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Viewing: Blog Posts Tagged with: speak, Most Recent at Top [Help]
Results 1 - 25 of 37
1. 7 Things You Don't Know About Laurie Halse Anderson


PROM by Laurie Halse Anderson was our featured title in our June 2008 issue. What's new with Laurie? Here's what she shared with us:


7 Things You Don't Know About Me

1. I am writing this list in Muscat, Oman. I've had the chance to visit several American schools overseas in the last couple of years and am having a blast exploring new cultures.

2. I ran a marathon in 2011.

3. I finally got to hang out with Stephen Chbosky (Perks of Being a Wallflower) and am happy to report that he is a super cool guy.

4. I have become obsessed with mint lemonade.

5. I want to write a fantasy, but have not yet figured out how to do it.

6. I'm working on the text for the SPEAK graphic novel that should be published in 2016.

7. I love my life.
Want to know more secrets about your favorite authors? Keep checking this blog all month long to celebrate the seven-year anniversary of readergirlz!

BONUS: Read our roundtable discussion of PROM.

BONUS: Laurie's video celebrating the 10th anniversary of SPEAK in 2009.

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2. Best Advice for Survivors of Sexual Assault

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This is the best advice I have ever read for survivors of sexual assault. It is for everyone who has struggled to come to terms what happened and everyone who loves them. That means everyone needs to read it.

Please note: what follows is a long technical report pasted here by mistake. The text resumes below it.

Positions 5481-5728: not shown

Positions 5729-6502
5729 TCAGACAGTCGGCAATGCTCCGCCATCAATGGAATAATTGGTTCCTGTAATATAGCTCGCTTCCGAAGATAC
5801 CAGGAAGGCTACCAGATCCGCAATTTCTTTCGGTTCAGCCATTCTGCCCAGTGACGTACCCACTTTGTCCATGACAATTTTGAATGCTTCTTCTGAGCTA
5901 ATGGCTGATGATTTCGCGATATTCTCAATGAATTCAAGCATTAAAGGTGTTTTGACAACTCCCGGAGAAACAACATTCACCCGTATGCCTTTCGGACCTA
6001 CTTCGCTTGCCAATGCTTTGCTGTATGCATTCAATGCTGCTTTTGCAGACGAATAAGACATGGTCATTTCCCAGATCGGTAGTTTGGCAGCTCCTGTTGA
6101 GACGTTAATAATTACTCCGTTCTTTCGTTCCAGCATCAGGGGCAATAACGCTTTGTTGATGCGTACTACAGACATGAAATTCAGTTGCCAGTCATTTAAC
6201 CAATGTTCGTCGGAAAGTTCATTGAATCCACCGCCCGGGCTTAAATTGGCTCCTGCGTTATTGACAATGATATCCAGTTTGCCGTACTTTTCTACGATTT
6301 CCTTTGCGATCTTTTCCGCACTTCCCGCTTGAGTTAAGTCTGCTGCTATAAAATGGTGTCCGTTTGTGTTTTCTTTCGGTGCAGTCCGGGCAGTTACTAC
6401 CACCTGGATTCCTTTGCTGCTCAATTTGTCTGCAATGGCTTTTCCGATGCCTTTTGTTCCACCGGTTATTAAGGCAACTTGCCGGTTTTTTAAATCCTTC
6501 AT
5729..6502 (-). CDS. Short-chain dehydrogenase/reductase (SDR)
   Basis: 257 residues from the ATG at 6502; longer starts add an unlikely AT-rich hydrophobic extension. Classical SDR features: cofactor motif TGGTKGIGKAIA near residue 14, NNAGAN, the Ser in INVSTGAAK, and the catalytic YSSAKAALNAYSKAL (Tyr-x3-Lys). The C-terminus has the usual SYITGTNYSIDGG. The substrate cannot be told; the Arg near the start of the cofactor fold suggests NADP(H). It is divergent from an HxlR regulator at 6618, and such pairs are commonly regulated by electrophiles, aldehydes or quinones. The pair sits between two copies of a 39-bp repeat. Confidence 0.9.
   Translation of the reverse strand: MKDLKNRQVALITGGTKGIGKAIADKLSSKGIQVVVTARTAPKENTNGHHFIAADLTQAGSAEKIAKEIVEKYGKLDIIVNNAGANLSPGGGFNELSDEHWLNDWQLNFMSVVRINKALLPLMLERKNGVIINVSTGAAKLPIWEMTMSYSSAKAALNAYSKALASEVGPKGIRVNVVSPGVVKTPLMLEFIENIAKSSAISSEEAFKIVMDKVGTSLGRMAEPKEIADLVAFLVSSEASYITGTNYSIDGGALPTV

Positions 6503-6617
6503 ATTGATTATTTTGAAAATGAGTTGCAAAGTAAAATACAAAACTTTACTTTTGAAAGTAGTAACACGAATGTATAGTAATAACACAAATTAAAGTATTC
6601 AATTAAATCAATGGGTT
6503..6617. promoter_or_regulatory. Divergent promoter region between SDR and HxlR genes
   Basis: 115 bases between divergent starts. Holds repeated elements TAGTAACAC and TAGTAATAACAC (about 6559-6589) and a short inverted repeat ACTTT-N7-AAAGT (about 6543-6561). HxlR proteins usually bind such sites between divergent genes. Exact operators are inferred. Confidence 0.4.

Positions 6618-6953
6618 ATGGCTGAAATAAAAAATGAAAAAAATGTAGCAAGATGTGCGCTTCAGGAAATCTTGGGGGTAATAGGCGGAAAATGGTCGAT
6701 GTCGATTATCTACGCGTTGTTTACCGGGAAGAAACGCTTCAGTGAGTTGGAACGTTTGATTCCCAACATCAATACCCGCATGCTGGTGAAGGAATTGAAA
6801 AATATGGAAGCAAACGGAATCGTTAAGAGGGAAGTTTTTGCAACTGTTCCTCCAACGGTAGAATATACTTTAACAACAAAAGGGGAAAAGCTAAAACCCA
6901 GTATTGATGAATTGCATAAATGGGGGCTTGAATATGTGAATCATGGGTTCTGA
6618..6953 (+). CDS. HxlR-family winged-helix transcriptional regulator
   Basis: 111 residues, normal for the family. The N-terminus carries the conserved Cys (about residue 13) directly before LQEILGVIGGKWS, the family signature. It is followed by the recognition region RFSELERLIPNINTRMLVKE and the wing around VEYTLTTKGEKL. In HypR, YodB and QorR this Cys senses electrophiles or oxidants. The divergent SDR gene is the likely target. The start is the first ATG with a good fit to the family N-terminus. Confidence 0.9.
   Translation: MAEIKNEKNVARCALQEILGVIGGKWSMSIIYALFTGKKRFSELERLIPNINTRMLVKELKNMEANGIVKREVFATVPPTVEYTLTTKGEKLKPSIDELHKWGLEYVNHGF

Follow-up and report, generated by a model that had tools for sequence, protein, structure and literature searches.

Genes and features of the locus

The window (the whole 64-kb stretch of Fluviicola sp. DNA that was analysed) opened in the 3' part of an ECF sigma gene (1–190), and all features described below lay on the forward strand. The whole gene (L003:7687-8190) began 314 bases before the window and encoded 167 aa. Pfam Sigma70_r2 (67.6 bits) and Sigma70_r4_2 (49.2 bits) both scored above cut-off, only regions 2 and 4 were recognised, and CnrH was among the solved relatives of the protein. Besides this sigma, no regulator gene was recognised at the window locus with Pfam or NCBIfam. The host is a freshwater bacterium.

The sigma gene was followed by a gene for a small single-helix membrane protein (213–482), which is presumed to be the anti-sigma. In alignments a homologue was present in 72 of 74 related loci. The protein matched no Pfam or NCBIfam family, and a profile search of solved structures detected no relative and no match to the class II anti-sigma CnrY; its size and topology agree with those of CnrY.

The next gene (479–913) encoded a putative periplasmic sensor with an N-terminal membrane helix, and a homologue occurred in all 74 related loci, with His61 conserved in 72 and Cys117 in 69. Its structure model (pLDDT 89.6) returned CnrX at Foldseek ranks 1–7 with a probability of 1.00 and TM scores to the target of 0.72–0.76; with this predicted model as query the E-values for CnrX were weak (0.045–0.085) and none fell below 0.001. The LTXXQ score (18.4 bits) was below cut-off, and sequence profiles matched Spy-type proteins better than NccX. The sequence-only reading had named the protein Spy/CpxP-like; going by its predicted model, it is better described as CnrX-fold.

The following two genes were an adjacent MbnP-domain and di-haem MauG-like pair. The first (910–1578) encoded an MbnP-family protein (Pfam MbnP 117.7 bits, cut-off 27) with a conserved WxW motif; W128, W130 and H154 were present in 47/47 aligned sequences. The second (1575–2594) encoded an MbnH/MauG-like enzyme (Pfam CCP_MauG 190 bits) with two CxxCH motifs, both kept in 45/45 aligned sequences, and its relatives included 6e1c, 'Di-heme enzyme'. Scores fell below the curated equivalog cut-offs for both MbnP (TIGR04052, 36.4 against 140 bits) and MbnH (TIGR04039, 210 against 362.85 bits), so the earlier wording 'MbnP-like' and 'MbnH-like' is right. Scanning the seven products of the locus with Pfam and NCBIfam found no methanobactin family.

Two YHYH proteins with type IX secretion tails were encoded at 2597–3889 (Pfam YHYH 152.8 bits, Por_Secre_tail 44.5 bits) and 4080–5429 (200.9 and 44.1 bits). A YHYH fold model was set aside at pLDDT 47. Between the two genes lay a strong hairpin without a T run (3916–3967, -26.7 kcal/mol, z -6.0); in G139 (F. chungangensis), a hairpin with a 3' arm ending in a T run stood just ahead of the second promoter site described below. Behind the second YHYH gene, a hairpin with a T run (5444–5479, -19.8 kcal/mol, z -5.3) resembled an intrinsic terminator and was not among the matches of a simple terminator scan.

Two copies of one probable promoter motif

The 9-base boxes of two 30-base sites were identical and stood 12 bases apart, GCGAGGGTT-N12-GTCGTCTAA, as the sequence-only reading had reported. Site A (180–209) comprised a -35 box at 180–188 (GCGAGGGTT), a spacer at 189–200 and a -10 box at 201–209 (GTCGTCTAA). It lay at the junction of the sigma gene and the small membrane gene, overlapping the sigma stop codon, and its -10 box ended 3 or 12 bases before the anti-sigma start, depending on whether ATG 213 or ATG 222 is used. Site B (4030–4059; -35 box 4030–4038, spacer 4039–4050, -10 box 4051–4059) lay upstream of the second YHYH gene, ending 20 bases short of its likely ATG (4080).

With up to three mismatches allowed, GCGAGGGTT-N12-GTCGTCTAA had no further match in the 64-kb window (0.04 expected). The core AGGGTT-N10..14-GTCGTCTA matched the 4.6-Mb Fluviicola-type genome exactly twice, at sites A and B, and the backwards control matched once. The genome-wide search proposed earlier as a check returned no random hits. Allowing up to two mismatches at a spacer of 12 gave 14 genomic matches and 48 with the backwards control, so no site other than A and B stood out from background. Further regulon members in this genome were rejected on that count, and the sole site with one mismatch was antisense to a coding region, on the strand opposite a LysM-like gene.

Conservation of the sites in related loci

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3. Book Review: The Fine Art of Truth or Dare by Melissa Jensen

Title: The Fine Art of Truth or Dare
Author: Melissa Jensen
Series: None
Publisher: Speak
Released: February 16, 2012
Website: http://www.melissajensen.com/

Book Summary:

Pretty in Pink meets Anna and the French Kiss in this charming romantic comedy.

Ella is nearly invisible at the Willing School, and that's just fine by her. She's got her friends - the fabulous Frankie and their sweet cohort Sadie. She's got her art - and her idol, the unappreciated 19th-century painter Edward Willing. Still, it's hard being a nobody and having a crush on the biggest somebody in the school: Alex Bainbridge. Especially when he is your French tutor, and lessons have started becoming, well, certainly more interesting than French ever has been before. But can the invisible girl actually end up with a happily ever after with the golden boy, when no one even knows they're dating? And is Ella going to dare to be that girl?

I loved the way this book was written, it was quite witty. It starts off with Ella sharing her undying love for Edward Willing. The only problem with this is that he died...long ago, as in years before Ella was even born. Through the course of the book she has many an interesting conversations with her idol Edward. If only she could find someone alive who could live up to Edward. Of course there is always her crush Alex Bainbridge, but he's a "Philitte" who will likely never notice her.

Ella and her friends Sadie & Frankie attended Willing School where they are at the bottom of the social ladder. Sadie has money but has a less than perfect body, Frankie is gay and Ella is a scholarship student with a scarred body. This leaves the three of them nearly invisible among the many elite students (Philittes) who attend Willing. At least they have each other and their close friendship with many a game of Truth or Dare.

When Alex is assigned to be Ella's French tutor Ella finally has a chance to be noticed by Alex.